If there was ever a time to run, it truly is now.
I remember the feeling. You step up to the start line, into your corral and onto the course, and you slowly breathe. Your coach always told you to breathe. It calms your mind and body and prepares you for the next 13.1 miles. Your stomach sits on your feet, and your heart is jetting out of your chest. You close your eyes and focus on something—anything—other than the commotion around you. You remember the training, the long runs, the short ones, the tears from missing one, the celebration from finishing one, the final run, the cheat snack, the wise words from your coach and the encouraging words from your run bud. Then the white noise and mental thoughts of failure clear—with narrowing vision, all you see is your finish line. You wiggle your fingers and bounce lightly on your toes because that’s what the pros do. You’re ready for this.
That was before April 15.
I wasn’t ready for Bill Iffrig’s image to fuel post-run tears. I wasn’t prepared for lost limbs to clutter my long-run thoughts. I wasn’t ready to see such cowardice acts violate a sport I’ve held so dear for 14 years. I wasn’t prepared for the iconic marathon to morph into a horrific crime scene in mere seconds. And I will never be prepared for the loss of those three beautiful lives.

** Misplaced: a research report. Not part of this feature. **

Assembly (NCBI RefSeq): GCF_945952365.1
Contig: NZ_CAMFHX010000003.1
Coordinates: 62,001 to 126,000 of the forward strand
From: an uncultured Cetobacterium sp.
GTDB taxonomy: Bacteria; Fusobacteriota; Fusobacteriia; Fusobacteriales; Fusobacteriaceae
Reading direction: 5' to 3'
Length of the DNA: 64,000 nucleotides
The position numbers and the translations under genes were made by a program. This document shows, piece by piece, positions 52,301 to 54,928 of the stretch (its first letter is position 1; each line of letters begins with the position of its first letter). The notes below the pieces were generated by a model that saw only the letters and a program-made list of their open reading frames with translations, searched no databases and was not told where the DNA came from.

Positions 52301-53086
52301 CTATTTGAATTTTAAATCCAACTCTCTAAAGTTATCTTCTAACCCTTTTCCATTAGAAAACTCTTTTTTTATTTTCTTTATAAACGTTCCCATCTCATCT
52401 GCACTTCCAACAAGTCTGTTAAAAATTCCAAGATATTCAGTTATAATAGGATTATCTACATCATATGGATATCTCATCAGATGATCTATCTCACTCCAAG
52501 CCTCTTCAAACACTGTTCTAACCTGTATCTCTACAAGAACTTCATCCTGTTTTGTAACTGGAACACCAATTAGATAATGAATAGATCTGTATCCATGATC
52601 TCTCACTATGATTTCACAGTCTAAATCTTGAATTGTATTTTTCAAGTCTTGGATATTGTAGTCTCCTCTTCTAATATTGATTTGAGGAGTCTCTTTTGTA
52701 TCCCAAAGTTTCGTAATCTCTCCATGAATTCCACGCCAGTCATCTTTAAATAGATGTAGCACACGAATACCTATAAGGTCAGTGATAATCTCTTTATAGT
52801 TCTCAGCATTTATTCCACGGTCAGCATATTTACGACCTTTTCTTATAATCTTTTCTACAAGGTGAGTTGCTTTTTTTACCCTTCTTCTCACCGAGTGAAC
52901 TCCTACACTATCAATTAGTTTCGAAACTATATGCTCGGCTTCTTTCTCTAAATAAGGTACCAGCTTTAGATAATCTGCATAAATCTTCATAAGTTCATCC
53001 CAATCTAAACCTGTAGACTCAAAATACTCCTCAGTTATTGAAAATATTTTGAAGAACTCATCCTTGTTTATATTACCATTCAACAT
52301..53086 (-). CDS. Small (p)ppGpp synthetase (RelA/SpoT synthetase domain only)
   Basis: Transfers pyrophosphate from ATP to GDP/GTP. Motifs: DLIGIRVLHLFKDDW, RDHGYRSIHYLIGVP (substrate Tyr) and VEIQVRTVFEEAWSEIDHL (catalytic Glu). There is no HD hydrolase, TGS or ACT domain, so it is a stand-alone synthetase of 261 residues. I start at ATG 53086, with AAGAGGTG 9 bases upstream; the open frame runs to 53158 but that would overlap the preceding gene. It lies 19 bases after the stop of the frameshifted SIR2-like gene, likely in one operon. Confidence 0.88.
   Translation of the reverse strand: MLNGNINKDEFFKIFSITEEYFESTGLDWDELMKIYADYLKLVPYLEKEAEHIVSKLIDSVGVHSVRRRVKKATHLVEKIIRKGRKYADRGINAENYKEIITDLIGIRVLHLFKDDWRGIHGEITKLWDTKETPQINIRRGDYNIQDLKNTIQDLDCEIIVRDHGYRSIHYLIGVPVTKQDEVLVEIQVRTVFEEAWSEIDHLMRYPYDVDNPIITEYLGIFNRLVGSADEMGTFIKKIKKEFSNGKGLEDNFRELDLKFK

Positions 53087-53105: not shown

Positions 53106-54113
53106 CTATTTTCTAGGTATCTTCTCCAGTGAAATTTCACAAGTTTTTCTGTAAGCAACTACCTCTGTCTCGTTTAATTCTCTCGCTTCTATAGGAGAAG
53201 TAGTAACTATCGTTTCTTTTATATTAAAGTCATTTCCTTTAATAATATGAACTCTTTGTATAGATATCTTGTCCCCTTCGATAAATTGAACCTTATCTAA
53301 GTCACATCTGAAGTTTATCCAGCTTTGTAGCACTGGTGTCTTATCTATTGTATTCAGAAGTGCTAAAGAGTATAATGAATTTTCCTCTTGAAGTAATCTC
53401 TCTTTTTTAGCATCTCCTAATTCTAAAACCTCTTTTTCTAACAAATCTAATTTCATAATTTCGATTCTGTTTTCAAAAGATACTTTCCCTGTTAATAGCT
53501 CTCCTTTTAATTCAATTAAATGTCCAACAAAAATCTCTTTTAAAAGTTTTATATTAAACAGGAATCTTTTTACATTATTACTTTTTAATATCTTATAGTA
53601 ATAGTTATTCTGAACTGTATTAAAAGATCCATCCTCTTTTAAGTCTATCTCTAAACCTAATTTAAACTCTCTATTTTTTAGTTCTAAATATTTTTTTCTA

As I digest the various articles on the fate of the accused bomber—I refuse to say his name—I reflect back to that innocent time, pre-April 15, where I collected inner calmness through simple meditative corral rituals. That calmness is now lost—what lingers is a new determination and new promise to always honor Boston and beauty of running.
1. Run for the ever-growing camaraderie—the unspoken bond every runner shares and understands. If ever there was a time to run, it truly is now.
2. Run with a purpose—never let anyone take that from you.
3. Run for the redefined—not lost—purity of the sport. The innocence may be gone, but running still sweats honest and simple intentions. Nothing complicates that.
4. Run for the ones we lost and the ones who lost. Honor those lives and broken hearts through your sweat and stride.
5. Run for Boylston Street, which will always bleed blue and yellow.
Running is a uniquely empathetic sport—if nothing else, Boston reminded a nation of that tried-and-true fact. Whether you stood on the sidelines of Boylson St., cheering for a loved one; watched from California, dreaming of 2014; ran the race, basking in your 2013 BQ success with every mile; assisted in saving lives on a Monday afternoon, calming others surrounded by the blast; or walked into the horror-struck office kitchen, awaiting a response from your onsite coworkers currently on lockdown, we all felt the same jolting feeling and asked the same question—what do we do now?